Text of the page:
Not everyone’s comfortable being asked how they feel or exploring reasons why they’re behaving differently. You might get avoidant responses, like “I’m fine” or “It’s none of your business.” If this is the case, you can reiterate your concern and leave an opening for them to walk into when they’re ready.

  • “I was concerned about you and wanted to ask. If you say you’re okay, I’ll trust you. If that changes, I’m here to support you if you need me.”

If the supportive conversation ends here, you should feel good that you noticed and asked about their well-being. Try not to take the response or tone personally despite the conversation not going anywhere. It takes courage to initiate these types of conversations, and it’s not your responsibility to force another to notice or change their behaviour.

When the individual appears to be open to discussion – an open-door response:

If the person confirms they feel differently or that life circumstances have changed for them, you’ve opened the door to having a supportive conversation.

The next statement might be:

  • “Tell me more. I want to better understand what you’re going through.”

Continue to follow the guidelines below for having a supportive conversation.

Continuing the conversation


Listen for where the individual feels unsupported or doesn’t have their needs met. When they’re finished speaking, confirm what you heard by rephrasing it and asking if you understand it correctly.

Examples of “listening” in the conversation include:

  • “I’m hearing that you feel [people will judge you, afraid you won’t be able to work the same way as before, worried about unresolved conflicts, or the unknowns about returning to work are worrisome]. Is that what I’m hearing?”


Highlight strengths you see in the person. Some examples could be courage or persistence in dealing with the situation they just shared with you.

 Here’s an example of “calling out strengths” in the conversation:

  • “Thank you for sharing these concerns. I respect your persistence in addressing life challenges.”


Identify what support the individual wants and connect them with relevant resources. Don’t insist on support or resources they don’t want or aren’t ready to accept.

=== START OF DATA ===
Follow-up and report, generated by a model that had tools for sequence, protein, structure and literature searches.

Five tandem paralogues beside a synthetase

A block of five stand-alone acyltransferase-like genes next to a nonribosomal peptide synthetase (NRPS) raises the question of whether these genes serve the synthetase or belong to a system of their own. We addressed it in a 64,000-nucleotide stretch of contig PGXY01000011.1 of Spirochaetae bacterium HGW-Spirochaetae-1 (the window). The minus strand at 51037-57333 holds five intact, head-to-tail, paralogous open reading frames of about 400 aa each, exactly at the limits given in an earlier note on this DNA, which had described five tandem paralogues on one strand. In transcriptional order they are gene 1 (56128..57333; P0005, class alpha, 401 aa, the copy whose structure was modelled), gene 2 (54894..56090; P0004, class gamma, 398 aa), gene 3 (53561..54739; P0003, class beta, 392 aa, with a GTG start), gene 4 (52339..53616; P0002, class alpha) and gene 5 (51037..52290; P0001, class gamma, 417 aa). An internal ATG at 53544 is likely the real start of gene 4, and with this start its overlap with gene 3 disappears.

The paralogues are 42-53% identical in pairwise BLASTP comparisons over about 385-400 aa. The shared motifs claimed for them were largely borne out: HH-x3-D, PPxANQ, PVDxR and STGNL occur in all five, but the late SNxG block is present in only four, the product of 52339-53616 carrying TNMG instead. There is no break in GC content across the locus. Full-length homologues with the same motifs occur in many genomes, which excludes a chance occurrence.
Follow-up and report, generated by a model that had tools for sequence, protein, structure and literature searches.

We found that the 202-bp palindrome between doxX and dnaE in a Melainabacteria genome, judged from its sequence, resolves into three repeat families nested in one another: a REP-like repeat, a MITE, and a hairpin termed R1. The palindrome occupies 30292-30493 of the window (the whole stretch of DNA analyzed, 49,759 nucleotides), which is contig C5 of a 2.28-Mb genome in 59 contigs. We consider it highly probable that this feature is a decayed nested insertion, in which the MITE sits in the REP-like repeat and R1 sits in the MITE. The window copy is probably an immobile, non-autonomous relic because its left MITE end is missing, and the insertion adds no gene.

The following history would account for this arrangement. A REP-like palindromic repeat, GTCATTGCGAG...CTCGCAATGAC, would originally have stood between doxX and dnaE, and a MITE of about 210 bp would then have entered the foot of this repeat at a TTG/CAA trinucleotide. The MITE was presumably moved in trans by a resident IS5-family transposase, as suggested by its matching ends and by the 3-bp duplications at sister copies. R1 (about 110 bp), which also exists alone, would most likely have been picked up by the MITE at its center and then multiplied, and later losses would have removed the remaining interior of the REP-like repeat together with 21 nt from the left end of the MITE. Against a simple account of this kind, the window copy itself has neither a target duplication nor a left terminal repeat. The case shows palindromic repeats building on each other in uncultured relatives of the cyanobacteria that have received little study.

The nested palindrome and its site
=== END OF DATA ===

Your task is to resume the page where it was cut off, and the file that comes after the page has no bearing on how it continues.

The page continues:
Examples of “identifying support” in the conversation include:

  • “You’ve identified the need to address [feelings of fear about returning to work], so how can I best support you at this time?”*
  • “I can support you with finding resources that might help to address this – would that be helpful?”

*Note: If there’s a limit  on how you can be supportive, be specific about how you can help. The offer of support needs to be realistic and in line with your abilities and  available time. Otherwise, talk about what’s realistic for both of you to do to create change in the other’s life.


Create an action plan with the individual to leverage their strengths and follow up on a regular basis, adding additional resources when they’re ready. Give a clear timeline or understanding of how you’ll be supportive.

 Here’s an example of “creating an action plan” in the conversation:

  • “I’m so glad we had this conversation. You mentioned a few things you wanted to address to create some change in your life. I’ll follow through with my offer of support in the next week.”

Thank you for being supportive! You’ve taken the time to learn to have a conversation that lets  your loved one or friend know you notice and care about them. By showing concern, you can help them evaluate whether they should continue as is or address certain elements in their life. For some, this may be the beginning of a journey that will require the assistance of additional support services or professionals.

Additional resources

To be an effective supporter, it’s helpful to understand more of what your family member or friend’s experiencing. Check out these resources to provide more context about their experiences:

For leaders trying to help employees, see:

Contributors include.articlesIris the DragonJessica GrassMary Ann Baynton

Related articles.articles

Article tags.articles

Choose an option to filter.articles


To add a comment.comments